Movie Review

BlacKkKlansman pushes beyond typical race discussions, presents necessary insights

By Weston Brousseau September 19, 2018

The movie BlacKkKlansman (yes, three K’s) is a movie as racially charged as one might expect from the somewhat oxymoronic title. As such, it can be uncomfortable to watch at times, and somewhat prophetic at others, but it never seems to forget the truly absurd comedic circumstance that the story is centered around. 

The film focuses on the real-life investigative work of Ron Stallworth, a black police officer who managed to infiltrate the Ku Klux Klan during the 1970s with the help of fellow officer Flip Zimmerman. Throughout the movie, Stallworth maintains a relationship with KKK Leader David Duke over the phone, while Zimmerman interacts with the KKK in person though the persona of Ron Stallworth. The movie stars John David Washington as a young Ron Stallworth, and Adam Driver plays a cynical Zimmerman. While at times it may seem like the movie struggles to decide whether it wants to be a comedy or a drama, I believe Spike Lee managed to deliver an incredible film. 

As a black man, I think this movie obviously had some points that hit close to home the way the film handled the KKK, and the current white supremacist ideals in society today. The film explores and comments on the birth of the alt-right movement and its connections to the KKK. While many of the Klansmen are shown as slur-spitting idiots, some are well-spoken, mild-mannered white men, which frankly is the most horrifying part of the film. This is because the KKK has been working to modify its image so that they can become more political since the 1970s. There is even a scene in the movie where two cops are discussing how the KKK is attempting to change its image in order to attract more people and become more political, so that one day they can get someone who would sympathize with their beliefs, into a high political office at which point there was an audible “oh shit” moment for me in the theater. The movie drives this point home even further with real footage from the Charlottesville “Unite the Right” rally last year, as if to remind us that this message from the past is not quite as dead and buried as some would like to pretend.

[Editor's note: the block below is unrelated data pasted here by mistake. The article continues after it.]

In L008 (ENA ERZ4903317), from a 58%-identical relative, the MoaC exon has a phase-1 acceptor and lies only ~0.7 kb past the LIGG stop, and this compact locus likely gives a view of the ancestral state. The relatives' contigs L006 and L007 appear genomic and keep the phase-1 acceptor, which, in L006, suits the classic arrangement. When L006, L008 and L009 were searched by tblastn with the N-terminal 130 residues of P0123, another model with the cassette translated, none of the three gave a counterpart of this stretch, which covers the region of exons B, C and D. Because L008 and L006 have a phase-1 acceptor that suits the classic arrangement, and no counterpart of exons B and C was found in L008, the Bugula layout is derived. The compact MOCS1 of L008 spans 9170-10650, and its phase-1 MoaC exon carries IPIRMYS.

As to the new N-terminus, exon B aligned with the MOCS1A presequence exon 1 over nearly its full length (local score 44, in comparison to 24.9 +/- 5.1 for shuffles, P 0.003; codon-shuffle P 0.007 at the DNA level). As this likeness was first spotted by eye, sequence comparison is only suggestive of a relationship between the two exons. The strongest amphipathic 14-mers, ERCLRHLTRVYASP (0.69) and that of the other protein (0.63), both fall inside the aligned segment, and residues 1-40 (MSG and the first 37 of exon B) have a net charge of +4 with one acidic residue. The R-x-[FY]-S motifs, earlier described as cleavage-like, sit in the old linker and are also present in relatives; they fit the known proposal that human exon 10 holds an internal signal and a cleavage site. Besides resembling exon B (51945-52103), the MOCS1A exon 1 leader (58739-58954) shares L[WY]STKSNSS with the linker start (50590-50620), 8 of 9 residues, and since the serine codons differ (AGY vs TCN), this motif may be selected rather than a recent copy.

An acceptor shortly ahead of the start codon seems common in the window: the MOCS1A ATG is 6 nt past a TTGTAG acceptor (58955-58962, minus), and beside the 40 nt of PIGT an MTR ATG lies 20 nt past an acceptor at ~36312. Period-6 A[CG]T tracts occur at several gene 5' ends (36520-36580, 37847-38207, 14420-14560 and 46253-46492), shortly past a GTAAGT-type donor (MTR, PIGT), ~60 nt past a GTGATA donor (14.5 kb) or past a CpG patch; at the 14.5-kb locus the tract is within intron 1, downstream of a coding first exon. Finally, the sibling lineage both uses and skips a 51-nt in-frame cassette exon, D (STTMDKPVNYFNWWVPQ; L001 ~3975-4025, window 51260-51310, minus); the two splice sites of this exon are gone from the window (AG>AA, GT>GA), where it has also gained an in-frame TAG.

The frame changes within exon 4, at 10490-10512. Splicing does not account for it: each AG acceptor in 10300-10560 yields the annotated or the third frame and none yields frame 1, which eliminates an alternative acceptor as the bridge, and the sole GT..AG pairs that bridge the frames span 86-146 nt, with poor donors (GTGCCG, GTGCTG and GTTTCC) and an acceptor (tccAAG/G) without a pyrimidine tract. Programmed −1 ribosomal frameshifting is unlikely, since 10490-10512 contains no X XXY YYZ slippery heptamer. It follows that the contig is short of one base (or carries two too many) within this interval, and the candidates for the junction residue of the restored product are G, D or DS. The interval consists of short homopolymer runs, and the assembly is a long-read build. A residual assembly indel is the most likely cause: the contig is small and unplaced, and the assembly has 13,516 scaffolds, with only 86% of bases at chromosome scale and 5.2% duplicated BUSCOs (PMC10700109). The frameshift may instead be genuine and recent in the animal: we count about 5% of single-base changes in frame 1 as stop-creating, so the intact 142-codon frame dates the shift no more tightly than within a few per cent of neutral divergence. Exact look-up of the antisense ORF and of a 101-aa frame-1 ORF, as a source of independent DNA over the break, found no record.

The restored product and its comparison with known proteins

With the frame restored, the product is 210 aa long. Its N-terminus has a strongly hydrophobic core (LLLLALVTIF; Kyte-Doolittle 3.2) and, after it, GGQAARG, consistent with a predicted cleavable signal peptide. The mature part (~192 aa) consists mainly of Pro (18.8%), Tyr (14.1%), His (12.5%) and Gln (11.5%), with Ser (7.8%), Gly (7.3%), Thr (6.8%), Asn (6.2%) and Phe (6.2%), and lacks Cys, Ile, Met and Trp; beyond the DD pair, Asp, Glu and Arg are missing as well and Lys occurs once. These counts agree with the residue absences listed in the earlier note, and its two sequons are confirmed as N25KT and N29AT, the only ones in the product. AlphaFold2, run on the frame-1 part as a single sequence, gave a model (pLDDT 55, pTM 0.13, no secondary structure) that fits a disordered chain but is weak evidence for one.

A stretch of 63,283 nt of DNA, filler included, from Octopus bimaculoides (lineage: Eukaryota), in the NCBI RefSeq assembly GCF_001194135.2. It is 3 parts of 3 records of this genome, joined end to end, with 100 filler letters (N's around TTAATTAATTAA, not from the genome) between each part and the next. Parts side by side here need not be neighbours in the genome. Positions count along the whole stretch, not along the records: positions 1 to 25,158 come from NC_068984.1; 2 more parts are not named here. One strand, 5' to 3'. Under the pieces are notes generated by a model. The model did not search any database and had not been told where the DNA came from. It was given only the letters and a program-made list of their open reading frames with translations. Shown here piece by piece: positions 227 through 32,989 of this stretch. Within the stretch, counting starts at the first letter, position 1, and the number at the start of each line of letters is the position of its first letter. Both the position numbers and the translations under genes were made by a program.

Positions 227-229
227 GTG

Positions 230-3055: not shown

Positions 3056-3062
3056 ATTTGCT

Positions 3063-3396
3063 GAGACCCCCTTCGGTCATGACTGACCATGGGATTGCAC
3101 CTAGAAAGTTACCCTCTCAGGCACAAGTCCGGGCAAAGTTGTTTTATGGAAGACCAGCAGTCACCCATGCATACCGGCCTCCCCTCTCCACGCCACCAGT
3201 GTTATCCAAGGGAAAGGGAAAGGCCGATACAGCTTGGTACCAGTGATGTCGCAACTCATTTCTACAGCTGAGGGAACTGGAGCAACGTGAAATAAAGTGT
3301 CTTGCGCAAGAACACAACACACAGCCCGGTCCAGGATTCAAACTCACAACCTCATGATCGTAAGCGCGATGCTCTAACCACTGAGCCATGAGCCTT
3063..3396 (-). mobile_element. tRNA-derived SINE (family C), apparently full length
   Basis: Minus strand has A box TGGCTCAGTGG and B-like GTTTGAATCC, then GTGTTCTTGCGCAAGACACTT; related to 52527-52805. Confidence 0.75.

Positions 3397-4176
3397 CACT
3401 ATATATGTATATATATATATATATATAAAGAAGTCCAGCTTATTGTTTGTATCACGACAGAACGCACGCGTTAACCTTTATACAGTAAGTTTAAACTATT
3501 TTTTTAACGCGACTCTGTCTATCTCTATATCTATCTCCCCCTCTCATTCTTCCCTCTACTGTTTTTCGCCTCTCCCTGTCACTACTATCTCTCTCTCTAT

However, even without the heavy-handed themes of the film, Spike Lee is a truly talented director who is able to make the most of a truly talented cast. Lee uses incredible camera angles that show David Duke as a truly intimidating villain despite his slight frame, due to the camera filming at his eye level or below for most scenes to make him look larger than life. John David Washington shines as Ron Stallworth in this movie through his talented, and at times emotional, delivery. Washington truly affects the audience in his scene with Laura Harrier, who plays the romantic interest Patrice Dumas, but also proves herself to be a wonderful differing viewpoint on what racial equality means from Ron Stallworth. Adam Driver as Flip Zimmerman puts on a good, if somewhat uninspired, performance throughout the film; however, Driver has some tense scenes with Topher Grace, who plays David Duke. Grace manages to capture the calm exterior of the former KKK Grand Wizard, as well as the incredible amount of hate and bigotry of the character. 

Overall, I would say that the film is a politically charged ride that will have viewers walking away feeling hopeful yet disturbed, and I would highly recommend this movie for anyone who’s looking for something thought-provoking that has a bit of action and a lot of laughs.